8. Your autocorrect issue with syphilis sounds about like the one I had when trying to ask a coworker if he was at the warehouse… it kept giving me ‘whorehouse’. Not exactly a good swap, either! My random acts of kindness are spontaneous. I help those in scooters at the grocery store to get items they can’t reach whenever I see them struggling, open doors whenever it makes sense, smile at people for no reason, … that sort of thing. I have to admit that I don’t do a whole lot of premeditated acts of kindness, though. I love getting unexpected missives from friends in the snail mail, though I rarely write them myself. It is something I’d like to do more often though, especially to my grandchildren, because I have a handful of letters from my grandmother she wrote to me once I’d left for college, and I treasure those. Great thought-provoking post, Janet.

    • Madison, I got a good laugh from your autocorrect issue. I’ve learned (mostly) to check texts and emails before sending but every once in awhile something slips by. I use dictation for many texts as typing on a phone is so annoying so autocorrect has a good chance of getting something not quite right.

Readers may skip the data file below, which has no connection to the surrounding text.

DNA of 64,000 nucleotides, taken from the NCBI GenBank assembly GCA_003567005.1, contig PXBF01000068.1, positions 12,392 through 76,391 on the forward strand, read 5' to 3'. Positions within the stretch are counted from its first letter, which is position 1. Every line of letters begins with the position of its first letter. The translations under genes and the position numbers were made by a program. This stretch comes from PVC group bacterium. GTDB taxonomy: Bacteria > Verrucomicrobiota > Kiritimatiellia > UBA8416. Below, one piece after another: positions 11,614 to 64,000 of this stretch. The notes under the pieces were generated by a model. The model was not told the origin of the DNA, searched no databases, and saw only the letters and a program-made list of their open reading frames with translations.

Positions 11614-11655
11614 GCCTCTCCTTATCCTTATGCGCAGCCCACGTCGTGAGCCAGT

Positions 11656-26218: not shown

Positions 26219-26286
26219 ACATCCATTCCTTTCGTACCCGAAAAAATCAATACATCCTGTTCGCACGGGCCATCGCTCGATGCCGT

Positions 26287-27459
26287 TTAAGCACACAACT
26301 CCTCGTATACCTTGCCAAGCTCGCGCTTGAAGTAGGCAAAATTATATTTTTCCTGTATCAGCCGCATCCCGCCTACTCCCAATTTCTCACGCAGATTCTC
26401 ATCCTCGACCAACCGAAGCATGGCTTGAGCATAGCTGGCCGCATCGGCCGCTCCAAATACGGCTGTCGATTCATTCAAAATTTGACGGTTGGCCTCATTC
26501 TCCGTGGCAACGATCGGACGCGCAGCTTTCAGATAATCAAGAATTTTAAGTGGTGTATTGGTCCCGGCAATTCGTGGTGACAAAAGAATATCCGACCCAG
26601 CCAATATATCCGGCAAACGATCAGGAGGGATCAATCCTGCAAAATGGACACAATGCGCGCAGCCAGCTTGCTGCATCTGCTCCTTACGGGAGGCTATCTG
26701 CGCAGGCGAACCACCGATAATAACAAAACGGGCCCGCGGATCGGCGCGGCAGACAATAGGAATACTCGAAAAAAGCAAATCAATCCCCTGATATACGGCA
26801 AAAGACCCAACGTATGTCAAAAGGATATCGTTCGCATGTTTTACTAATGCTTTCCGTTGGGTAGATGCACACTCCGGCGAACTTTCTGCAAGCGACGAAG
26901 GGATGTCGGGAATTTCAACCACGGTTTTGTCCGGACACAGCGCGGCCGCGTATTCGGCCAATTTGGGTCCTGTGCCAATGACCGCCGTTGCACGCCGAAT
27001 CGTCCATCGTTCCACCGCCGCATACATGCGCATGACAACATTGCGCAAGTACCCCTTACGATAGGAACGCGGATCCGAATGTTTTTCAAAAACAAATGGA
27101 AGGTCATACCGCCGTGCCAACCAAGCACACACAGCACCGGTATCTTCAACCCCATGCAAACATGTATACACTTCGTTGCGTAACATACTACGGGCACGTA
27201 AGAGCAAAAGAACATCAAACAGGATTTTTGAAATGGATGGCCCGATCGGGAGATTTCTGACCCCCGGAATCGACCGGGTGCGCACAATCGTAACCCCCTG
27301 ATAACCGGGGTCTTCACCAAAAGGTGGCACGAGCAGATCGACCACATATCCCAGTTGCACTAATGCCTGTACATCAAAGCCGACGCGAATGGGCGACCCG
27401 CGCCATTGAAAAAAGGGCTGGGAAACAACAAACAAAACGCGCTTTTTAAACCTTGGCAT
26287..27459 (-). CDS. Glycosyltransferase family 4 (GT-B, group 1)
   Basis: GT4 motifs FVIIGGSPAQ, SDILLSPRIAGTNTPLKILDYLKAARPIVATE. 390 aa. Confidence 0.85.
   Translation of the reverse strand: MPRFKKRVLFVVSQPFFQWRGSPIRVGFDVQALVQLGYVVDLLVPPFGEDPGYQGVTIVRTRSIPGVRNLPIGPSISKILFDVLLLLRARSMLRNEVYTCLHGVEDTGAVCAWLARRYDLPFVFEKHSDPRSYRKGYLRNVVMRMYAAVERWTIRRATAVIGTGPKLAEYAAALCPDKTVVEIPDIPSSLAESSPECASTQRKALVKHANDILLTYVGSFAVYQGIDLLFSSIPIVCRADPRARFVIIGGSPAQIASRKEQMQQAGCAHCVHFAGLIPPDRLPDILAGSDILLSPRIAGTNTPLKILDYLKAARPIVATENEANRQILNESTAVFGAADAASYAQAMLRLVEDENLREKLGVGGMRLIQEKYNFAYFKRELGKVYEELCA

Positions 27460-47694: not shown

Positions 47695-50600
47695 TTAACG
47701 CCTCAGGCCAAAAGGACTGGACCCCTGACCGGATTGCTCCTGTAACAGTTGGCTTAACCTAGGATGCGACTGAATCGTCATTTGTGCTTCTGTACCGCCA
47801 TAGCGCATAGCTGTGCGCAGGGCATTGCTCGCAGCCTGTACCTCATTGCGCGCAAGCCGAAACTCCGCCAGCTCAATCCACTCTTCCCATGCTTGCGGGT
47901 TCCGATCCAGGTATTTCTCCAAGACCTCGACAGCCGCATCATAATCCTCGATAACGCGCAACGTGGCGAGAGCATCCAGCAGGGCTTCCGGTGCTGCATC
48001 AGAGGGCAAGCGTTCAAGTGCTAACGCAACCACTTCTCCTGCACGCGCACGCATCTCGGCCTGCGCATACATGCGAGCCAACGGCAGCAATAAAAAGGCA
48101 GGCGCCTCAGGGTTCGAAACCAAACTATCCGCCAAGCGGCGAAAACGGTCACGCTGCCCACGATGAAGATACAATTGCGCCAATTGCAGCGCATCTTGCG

Great story about the letters from your grandmother. Going through my parents’ things after they both passed away this year, I found some letters Mom wrote to Dad when he was in the army. It was so moving to read things that made them not just parents. I think that alone should make us consider writing a letter or two at least a few times a year to the ones we love. I kept many letters from friends and significant others for many years before finally tossing them. I still sometimes wish I hadn’t. But no one is going to be saving emails and texts for years.

  9. I always take the carts back to the place they want them in the parking lot and if I feel like one has been left too close to someone’s car I take that one back too. Plus you get a few extra steps in for the day.
    I let people turn or pull out ahead of me while driving all the time, open doors for people, and help people who are too short to reach the top shelves in stores get something down.